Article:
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Hopped Up!

in Reviews
hopped up!

Hopped Up! – Get Gone

Straight 8 Records – S8-101 [2004]
Get Gone – Rock & Roll Rocket
Hopped Up was a Rockabilly quintet with Scotty Shanks-Bruemmer on vocals, Shawn Burrell on slap bass, Justin Barr and Ralph Rodriguez on guitar and Gary Daly on drums.
A-side is a traditional jumping rockabilly number sung by Scotty who has a pretty good voice. The flip side is more on the frantic side and is sung by Ralph. Both songs are originals.
Good single.

Fred “Virgil” Turgis

Josie Kreuzer

in Interviews/Stories

Josie Kreuzer

Josie Kreuzer
Josie Kreuzer

Josie Kreuzer appeared on the rock’n’roll scene around 1992 with the all female rockabilly band Whistle Bait. They soon estabished a name as a solid live act. Sadly, Whistle Bait never released anything (but they recorded some tunes with Wally Hersom at his Wallyphonic studios) and eventually broke up in 1996. Josie then started her own label (She-Devil) and 1997 saw the release of her first solo album “Hot Rod Girl” with Hot Rod Lincoln providing her back-up band. Two years later, she gave us “As Is” a great album with some honky tonk influences, and in 2002 followed “Beggin’ me back” her best record to date and the perfect mix of all her influences. Produced by Mark Neill, with Craig Pacham on drums and Rip Carson on bass, you can’t go wrong with this one.
Note to the reader : this interview has been conducted a few years ago (sometimes between As Is and Beggin’ Me Back) but I thought it was worth publishing as more of the infos are about Josie’s influences and things like that.

by Fred “Virgil” turgis

Can you tell us how you became involved into rockabilly ? Who (or what) was the shock that decided you to become a singer?
Josie Kreuzer I grew up in a very musical household. There seemed to be some kind of music playing most of the time. My mother’s record collection was huge–chock full of blues, jazz and rock n roll. It was hillbilly & rockabilly that struck the strongest chord with me, moved me the most. I started writing songs when I was eleven, really with no intentional goals that I can think of. It wasn’t until I started working at a record store as a teen, that I discovered the more obscure rockabilly music which made me even love it more, and that was when I decided to get a guitar and eventually start a band.
Nowadays what are you influences and what are you listening to ?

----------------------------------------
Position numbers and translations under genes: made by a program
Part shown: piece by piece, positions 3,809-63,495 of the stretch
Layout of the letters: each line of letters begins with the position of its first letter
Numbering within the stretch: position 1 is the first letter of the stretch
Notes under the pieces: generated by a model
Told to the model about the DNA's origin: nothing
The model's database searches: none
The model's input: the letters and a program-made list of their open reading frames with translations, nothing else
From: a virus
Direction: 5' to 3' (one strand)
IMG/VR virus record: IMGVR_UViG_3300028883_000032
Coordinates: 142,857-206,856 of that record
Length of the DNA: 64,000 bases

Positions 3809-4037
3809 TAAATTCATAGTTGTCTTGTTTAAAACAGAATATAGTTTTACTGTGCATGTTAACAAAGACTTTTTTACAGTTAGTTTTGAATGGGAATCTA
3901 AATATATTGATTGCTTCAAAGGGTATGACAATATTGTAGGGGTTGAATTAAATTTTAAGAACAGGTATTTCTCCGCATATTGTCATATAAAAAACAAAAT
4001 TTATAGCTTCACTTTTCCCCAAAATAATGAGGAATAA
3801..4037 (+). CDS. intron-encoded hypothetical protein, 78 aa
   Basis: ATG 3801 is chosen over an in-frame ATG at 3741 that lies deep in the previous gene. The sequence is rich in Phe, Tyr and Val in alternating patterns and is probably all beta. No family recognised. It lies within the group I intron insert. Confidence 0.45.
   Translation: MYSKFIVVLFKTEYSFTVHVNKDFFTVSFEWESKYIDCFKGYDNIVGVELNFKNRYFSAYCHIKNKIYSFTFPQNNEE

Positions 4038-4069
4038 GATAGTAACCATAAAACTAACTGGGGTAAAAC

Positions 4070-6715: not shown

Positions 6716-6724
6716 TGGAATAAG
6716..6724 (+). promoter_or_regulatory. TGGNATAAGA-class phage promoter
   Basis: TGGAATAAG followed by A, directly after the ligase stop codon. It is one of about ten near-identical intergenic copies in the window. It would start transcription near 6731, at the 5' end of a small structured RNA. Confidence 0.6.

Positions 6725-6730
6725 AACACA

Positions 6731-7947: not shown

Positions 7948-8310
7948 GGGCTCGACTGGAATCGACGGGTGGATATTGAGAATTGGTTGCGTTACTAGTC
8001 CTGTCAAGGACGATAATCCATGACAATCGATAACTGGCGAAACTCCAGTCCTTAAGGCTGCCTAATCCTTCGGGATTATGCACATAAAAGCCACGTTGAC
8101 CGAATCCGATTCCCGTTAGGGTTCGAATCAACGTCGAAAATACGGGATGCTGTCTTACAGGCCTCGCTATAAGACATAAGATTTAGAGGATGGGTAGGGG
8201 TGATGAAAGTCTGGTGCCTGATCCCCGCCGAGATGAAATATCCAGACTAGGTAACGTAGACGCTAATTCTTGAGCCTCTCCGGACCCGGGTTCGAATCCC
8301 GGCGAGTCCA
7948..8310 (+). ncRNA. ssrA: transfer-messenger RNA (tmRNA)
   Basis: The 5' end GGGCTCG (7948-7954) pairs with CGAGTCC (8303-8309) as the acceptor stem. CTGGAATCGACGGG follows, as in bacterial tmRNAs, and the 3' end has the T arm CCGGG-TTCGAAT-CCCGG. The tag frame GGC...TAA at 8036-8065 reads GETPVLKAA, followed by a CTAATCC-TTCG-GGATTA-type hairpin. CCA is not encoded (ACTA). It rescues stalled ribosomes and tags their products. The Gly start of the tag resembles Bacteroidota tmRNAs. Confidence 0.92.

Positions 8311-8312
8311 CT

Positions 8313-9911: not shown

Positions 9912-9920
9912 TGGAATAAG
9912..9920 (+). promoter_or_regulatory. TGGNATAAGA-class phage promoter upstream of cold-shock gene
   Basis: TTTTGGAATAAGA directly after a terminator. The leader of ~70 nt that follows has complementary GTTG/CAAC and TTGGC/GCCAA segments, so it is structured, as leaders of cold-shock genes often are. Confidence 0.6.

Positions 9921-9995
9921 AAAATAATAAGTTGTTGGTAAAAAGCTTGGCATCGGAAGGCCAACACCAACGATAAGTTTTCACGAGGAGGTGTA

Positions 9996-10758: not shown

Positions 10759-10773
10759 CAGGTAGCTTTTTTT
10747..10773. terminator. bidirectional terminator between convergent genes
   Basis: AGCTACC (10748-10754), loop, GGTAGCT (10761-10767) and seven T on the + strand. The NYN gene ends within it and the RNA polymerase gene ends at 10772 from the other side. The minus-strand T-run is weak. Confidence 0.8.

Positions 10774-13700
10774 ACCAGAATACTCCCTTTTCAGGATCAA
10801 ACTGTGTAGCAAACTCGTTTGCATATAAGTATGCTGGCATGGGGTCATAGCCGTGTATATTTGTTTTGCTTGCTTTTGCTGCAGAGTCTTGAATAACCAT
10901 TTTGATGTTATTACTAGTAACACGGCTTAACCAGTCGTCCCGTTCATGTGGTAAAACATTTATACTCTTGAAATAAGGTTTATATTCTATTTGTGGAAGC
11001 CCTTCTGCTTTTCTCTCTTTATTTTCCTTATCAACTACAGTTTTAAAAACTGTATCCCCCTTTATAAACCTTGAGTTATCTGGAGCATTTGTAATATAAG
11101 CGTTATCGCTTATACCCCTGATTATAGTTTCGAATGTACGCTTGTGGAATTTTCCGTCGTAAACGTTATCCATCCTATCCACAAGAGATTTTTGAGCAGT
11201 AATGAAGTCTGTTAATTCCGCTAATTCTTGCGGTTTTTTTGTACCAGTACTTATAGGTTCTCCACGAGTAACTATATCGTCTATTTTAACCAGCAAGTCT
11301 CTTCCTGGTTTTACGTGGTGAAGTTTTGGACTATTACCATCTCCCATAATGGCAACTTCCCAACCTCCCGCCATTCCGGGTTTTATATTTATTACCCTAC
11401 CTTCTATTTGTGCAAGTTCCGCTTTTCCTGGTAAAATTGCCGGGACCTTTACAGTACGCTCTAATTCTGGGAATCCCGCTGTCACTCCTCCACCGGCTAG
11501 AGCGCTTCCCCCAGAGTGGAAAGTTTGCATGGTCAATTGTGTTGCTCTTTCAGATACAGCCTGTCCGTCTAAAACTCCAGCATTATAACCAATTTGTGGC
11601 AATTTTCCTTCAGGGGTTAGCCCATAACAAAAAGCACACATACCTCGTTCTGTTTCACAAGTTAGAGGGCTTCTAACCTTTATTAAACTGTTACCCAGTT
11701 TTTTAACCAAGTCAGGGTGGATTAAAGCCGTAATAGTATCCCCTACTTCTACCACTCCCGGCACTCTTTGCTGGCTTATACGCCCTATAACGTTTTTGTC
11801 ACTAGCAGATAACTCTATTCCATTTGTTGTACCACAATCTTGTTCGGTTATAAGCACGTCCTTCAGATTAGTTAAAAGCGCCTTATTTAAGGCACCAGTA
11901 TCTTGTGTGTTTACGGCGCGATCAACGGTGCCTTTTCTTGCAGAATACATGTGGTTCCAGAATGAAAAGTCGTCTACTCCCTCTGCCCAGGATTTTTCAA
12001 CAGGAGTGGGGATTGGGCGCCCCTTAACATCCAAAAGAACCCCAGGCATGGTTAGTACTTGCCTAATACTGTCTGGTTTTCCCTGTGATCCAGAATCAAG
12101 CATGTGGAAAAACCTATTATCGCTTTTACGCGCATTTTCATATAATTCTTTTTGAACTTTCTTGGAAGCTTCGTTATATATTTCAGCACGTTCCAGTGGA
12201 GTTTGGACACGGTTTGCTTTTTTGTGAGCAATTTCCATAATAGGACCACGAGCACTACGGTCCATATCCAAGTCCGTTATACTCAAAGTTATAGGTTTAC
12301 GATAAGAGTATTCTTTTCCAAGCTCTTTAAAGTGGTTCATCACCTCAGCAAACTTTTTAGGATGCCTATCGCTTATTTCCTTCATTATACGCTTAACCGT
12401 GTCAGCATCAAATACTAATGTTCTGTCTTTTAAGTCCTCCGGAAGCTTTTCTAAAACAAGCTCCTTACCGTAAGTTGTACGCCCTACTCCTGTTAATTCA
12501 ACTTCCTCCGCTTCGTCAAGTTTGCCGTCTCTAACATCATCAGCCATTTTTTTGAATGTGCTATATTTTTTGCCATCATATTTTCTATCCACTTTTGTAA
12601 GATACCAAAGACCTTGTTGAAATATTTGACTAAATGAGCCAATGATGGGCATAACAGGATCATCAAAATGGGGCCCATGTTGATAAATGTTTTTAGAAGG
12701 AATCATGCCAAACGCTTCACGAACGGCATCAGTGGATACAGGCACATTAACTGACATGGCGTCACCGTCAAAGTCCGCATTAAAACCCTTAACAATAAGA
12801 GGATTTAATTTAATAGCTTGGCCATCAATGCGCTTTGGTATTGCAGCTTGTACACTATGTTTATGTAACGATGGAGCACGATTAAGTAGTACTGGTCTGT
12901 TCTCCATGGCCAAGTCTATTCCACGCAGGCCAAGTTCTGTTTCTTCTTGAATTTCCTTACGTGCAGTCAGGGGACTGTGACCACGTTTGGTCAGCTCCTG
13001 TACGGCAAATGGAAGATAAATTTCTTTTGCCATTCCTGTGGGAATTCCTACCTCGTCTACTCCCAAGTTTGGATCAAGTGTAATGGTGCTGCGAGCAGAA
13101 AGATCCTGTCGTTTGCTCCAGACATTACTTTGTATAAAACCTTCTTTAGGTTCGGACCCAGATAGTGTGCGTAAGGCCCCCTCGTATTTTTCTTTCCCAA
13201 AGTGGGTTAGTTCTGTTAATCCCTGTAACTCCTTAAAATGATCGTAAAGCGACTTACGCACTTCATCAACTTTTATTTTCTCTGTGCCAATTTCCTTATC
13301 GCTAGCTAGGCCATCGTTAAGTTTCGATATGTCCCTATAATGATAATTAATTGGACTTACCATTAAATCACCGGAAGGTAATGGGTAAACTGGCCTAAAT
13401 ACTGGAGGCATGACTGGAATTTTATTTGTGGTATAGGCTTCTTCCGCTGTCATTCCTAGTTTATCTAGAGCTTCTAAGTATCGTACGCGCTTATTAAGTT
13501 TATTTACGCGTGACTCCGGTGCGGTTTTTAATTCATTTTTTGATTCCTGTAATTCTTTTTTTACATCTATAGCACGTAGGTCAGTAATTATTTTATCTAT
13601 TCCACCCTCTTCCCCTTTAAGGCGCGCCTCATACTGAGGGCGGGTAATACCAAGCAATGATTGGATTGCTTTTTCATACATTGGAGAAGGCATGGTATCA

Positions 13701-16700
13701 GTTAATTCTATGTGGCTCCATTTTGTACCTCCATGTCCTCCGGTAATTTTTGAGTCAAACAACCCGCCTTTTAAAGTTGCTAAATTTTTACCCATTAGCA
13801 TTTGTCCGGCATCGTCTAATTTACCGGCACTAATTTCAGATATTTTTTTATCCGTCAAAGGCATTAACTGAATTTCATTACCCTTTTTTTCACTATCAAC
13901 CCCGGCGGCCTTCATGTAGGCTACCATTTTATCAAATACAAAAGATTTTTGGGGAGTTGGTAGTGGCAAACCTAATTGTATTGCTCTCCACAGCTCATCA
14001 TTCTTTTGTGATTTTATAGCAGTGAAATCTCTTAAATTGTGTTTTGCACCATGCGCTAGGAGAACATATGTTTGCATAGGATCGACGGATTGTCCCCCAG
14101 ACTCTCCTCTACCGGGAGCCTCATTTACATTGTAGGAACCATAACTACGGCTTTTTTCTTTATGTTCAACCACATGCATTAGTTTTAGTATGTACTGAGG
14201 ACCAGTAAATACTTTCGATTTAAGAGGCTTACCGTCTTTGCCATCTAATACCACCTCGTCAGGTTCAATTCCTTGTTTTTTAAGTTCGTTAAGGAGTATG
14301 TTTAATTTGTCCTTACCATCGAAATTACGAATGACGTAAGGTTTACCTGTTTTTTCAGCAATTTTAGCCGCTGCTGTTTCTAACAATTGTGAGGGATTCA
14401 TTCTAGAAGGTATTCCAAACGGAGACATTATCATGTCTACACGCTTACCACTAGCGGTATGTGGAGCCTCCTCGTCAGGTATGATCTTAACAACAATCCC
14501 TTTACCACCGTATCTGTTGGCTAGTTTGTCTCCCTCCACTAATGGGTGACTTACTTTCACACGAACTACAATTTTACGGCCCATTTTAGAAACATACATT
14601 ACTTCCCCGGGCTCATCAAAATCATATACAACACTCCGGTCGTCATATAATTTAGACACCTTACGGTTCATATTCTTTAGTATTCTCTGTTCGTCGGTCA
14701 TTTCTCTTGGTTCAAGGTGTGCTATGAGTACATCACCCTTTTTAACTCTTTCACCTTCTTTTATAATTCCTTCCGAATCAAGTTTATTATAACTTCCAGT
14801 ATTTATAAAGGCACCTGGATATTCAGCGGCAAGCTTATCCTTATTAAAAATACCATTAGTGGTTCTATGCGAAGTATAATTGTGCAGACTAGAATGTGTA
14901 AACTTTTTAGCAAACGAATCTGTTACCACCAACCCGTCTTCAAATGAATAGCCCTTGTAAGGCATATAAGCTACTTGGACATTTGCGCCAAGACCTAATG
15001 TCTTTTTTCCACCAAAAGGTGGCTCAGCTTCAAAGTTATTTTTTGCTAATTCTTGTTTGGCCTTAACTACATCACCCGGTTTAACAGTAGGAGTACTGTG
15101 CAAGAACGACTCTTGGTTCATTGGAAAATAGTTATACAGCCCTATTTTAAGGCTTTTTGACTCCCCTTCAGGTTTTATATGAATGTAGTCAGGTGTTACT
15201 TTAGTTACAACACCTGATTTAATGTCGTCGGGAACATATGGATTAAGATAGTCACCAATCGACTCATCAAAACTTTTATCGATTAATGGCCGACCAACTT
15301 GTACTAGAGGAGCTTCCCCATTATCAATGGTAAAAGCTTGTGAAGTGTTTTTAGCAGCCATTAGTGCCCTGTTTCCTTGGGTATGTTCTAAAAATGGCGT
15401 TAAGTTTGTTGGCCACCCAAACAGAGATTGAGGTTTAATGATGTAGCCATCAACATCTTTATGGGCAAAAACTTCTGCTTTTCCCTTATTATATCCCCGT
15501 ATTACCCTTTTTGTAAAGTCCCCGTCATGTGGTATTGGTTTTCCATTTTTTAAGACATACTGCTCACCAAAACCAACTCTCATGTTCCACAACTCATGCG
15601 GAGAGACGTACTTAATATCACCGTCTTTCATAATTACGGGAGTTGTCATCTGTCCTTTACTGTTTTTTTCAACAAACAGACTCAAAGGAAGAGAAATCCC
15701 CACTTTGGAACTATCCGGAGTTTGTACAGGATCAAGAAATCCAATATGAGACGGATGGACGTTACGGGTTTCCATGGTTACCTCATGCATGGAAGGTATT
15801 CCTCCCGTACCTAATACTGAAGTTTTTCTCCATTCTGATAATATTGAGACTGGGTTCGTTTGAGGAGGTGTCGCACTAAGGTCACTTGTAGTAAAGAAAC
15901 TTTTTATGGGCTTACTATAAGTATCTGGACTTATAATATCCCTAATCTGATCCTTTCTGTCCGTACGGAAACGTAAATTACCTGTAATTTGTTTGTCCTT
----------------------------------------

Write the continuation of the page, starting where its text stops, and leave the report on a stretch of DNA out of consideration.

My influences are always expanding. They’ve always spanned across many genres of music, not just rockabilly. Lately I’ve been listening to alot of old western swing, mariachi and Hawaiian 78’s, plus a lot of Jazz & vocals like Nat King Cole, Ella Fitzgerald and Kay Starr. I just got back from playing a festival in Australia where I picked up a few CDs from some of the current rockabilly bands out there, so I’ve been listening to those lately as well–The Satellites and The Satellite V are two bands to look out for… really good stuff.

Whistle Bait (Josie Kreuzer, Cleo Ramone, Jennifer Quinn, Teri Tom)
Whistle Bait (Josie Kreuzer, Cleo Ramone, Jennifer Quinn, Teri Tom)

Reading an article about Whistle Bait, it seems you had a wide range of influences (from Wanda Jackson to the Ramones).
Josie Kreuzer Hmm, where’d you find that article ? Yes, if I tried to list all of my influences it would take months and scrolls of paper! I have shelves & shelves of records & CDs and I’m continually buying new stuff all the time.

Could you tell more about this band and how did it sound?
Josie Kreuzer Whistle Bait was my very first band. It was actually all of the members’ first band as well. I started it when I moved to LA in 1992. It was an all-girl rockabilly band, and believe it or not I hadn’t had the intention of starting an all-girl band…it just sort of happened that way. It was a four piece–lead guitar, upright bass,drums & myself on Rhythm guitar & vocals. We were extremely raw sounding –as first bands usually are.

Any chance to see an official release of the demos recorded by Wally Hersom?
Josie Kreuzer That’s a frequently asked question…still, after all of these years… But honestly, I really don’t know if those recordings will ever be released—I can’t foresee putting them out in the near future…. Maybe after I’m dead or something?! I guess I probably shouldn’t mention this, but there are live videos of us too.